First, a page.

Danish wind-turbine giant Vestas has won the contract to build Latin America’s largest-ever wind farm in the State of Oaxaca in southern Mexico. The clean electricity generated at the wind farm will be used to power up part of the operations of such giants as Coca-Cola and Heineken in the region.
Vestas received a 396MW order for the project. The order has been placed by Mareña Renovables, which is owned by a consortium that comprises Macquarie Mexican Infrastructure Fund, Mitsubishi Corporation, and PGGM, a Dutch pension fund service provider.
When built, the wind farm is expected to be the largest wind-energy project in Latin America, according to Mareña Renovables.
The wind farm itself will be located in the Isthmus of Tehuantepec in the southeastern region of the State of Oaxaca. Delivery of the turbines is set to start in the second quarter of 2012, Vestas has confirmed in a statement.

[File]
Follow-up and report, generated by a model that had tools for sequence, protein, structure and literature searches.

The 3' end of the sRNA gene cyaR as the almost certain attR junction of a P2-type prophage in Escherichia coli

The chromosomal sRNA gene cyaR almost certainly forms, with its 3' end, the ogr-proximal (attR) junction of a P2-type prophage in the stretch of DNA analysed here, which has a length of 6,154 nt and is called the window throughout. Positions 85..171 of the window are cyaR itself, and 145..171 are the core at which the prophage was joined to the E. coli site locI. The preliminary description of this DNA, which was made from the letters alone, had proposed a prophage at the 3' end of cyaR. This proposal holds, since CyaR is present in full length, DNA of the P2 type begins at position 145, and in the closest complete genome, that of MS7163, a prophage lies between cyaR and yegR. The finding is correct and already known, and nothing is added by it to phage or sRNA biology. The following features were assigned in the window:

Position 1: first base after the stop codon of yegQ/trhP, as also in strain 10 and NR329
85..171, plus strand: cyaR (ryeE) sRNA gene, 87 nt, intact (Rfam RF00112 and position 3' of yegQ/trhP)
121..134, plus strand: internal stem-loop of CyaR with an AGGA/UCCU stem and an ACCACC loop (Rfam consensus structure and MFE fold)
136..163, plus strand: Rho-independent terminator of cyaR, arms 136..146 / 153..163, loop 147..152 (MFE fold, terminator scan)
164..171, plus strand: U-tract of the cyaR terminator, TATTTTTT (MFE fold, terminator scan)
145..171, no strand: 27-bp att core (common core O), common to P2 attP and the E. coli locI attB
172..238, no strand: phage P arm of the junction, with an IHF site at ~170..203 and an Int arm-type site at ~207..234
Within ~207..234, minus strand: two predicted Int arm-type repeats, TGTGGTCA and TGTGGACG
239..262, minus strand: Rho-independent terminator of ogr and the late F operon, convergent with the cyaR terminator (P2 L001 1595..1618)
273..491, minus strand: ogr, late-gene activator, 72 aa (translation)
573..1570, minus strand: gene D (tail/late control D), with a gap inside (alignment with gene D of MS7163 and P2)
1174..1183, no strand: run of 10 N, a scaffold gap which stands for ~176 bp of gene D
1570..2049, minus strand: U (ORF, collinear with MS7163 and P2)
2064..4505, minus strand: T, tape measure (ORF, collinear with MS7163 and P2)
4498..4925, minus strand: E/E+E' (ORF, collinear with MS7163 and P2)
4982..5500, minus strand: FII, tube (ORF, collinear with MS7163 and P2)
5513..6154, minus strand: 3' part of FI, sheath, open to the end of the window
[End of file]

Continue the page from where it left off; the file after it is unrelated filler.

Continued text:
As part of the turnkey contract, Vestas will provide the entire range of services to build the wind farm, including civil and electrical works, supply, installation and commissioning of the wind turbines.
Juan Araluce, chief sales officer at Vestas Wind Systems A/S, said it is an important milestone for Vestas, as the company looks to strengthen its position in Latin America and globally.
The Isthmus of Tehuantepec lies between the Gulf of Campeche on the Gulf of Mexico to the north, and the Gulf of Tehuantepec on the Pacific Ocean to the south
The project’s power generation will be bought by Cuauhtémoc Moctezuma, an operating company of global brewer Heineken N.V. and subsidiaries of Fomento Económico Mexicano, S.A.B. de C.V. (FEMSA) under 20-year power purchase agreements. FEMSA controls Coca-Cola FEMSA, the largest Coca-Cola bottler in the region, and OXXO, the Mexican convenience store chain.
Adrian Katzew Corenstein, vice-president of Vestas Mexico and Caribbean, said the order was the result of several months of close collaboration between Mareña Renovables and Vestas.
Mexico’s clean-energy goals
Mexico itself has a non-binding unilateral goal to reduce carbon emissions to 50pc of the estimated emission levels in 2002 by 2050. Back in 2010, the Congress in Mexico approved the National Energy Strategy to establish a goal to reduce the share of power generated from fossil fuels to 65pc by 2024, to 60pc by 2030 and 50pc by 2050.